Tuesday, August 12, 2014

The River Aire and More


 We have left the South Yorkshire Navigations, spent 5.5 miles on the New Junction Canal (its entire length), and then went onto the Aire and Calder Navigations and the River Aire.  We left the River Aire behind when we entered the Selby Canal.

We moored at the town of Selby for a couple of days to enjoy the wonderful older architecture, see the sights and do some restocking of the larder.

We are currently, and have been for the last 3 days, tied up at Naburn Lock and are about five miles from our final destination of York.  We don't need to be in York for a few days yet.

So, why are we here so early I hear you ask.  Thank hurricane Bertha for that.  The UK has been visited by the high winds and rains associated with the tail end of Bertha.  At one point there were over 40 flood warnings issued for various areas.  All of this made the River Aire too tricky to be allowed on after last Sunday and it was expected that, taking into account run off, the river might not have been navigable until this coming Sunday.  That would have been too late for us.  So, we came early.

The River Aire winds its way between high flood banks, so most of the surrounding countryside is not visible when you are on the water.  However, there is entertainment.  The grebe are common on the river and it is fun to watch them as they dive under the water, disappearing for what seems like forever, until they come back up yards away.   Only to do it again.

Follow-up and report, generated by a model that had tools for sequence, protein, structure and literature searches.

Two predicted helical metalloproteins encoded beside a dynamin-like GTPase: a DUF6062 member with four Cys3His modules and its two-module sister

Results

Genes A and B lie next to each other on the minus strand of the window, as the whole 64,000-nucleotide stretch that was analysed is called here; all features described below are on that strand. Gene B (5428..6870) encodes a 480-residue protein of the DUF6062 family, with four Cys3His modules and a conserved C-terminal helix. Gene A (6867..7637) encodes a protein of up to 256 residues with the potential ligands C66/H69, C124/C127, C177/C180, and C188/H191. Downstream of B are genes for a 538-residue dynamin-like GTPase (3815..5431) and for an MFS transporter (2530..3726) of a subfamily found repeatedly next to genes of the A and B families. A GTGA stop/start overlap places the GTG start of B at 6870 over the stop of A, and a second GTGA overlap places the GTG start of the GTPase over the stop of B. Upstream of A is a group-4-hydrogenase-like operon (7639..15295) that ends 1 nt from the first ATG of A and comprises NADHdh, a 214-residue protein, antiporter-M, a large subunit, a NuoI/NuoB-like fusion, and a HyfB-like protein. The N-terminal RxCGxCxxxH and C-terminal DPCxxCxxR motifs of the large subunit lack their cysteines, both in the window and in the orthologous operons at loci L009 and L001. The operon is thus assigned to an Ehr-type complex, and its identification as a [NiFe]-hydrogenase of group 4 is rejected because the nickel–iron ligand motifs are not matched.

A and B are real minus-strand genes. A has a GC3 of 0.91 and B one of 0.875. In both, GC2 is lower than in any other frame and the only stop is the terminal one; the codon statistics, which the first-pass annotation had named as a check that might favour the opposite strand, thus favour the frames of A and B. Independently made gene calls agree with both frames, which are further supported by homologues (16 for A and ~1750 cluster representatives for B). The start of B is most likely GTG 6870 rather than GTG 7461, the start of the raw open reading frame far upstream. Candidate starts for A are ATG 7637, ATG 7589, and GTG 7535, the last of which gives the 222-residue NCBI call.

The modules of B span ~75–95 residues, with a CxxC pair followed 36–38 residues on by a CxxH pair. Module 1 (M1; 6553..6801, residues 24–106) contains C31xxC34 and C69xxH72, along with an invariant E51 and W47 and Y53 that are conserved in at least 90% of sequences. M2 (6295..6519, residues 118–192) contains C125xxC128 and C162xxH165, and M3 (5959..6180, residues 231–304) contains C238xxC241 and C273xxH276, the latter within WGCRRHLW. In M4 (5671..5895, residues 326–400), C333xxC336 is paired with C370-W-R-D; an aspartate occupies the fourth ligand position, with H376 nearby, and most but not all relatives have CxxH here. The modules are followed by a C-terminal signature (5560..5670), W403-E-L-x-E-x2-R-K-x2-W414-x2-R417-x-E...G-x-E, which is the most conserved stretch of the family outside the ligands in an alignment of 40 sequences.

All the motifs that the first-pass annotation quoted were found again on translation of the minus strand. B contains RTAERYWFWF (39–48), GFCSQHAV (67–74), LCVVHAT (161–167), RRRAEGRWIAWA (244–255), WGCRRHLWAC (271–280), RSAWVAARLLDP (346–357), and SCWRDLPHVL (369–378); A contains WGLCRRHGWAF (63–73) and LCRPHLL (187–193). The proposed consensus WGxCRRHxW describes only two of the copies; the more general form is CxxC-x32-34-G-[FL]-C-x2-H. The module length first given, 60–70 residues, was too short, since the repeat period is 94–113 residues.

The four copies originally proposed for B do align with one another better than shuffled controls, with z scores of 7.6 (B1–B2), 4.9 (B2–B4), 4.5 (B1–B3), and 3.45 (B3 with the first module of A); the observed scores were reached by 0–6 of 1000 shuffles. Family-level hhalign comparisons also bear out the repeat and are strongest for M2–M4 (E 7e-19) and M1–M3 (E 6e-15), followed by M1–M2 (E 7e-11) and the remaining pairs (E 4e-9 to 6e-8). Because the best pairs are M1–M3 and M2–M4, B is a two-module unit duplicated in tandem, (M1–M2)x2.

Historically, beginning in 1700 the River Aire was used to take the coal from the coalfields in Yorkshire to market. On their return trip the boats brought wool, wheat (which is called corn here), and other produce.

As time when on the commercial vehicles increased in size and the size of the locks had to increase to accommodate them.  The result: the locks are HUGE .  The good news, all the work is done for you by turning a key and pressing the correct buttons in the correct sequence.  I do believe a girl could get used to this!

As with the river Trent, portions of our journey here have also been on a canal that bypasses the unsafe areas of the River Aire.  This canal is called the Aire and Calder Navigations.  While on the Aire and Calder you go past the town of Knottingley.  Knottingly's claim to fame is that at one point in time its glass works manufactured all the class containers used in England!  Now, it only manufactures perfume bottles.  Too bad.

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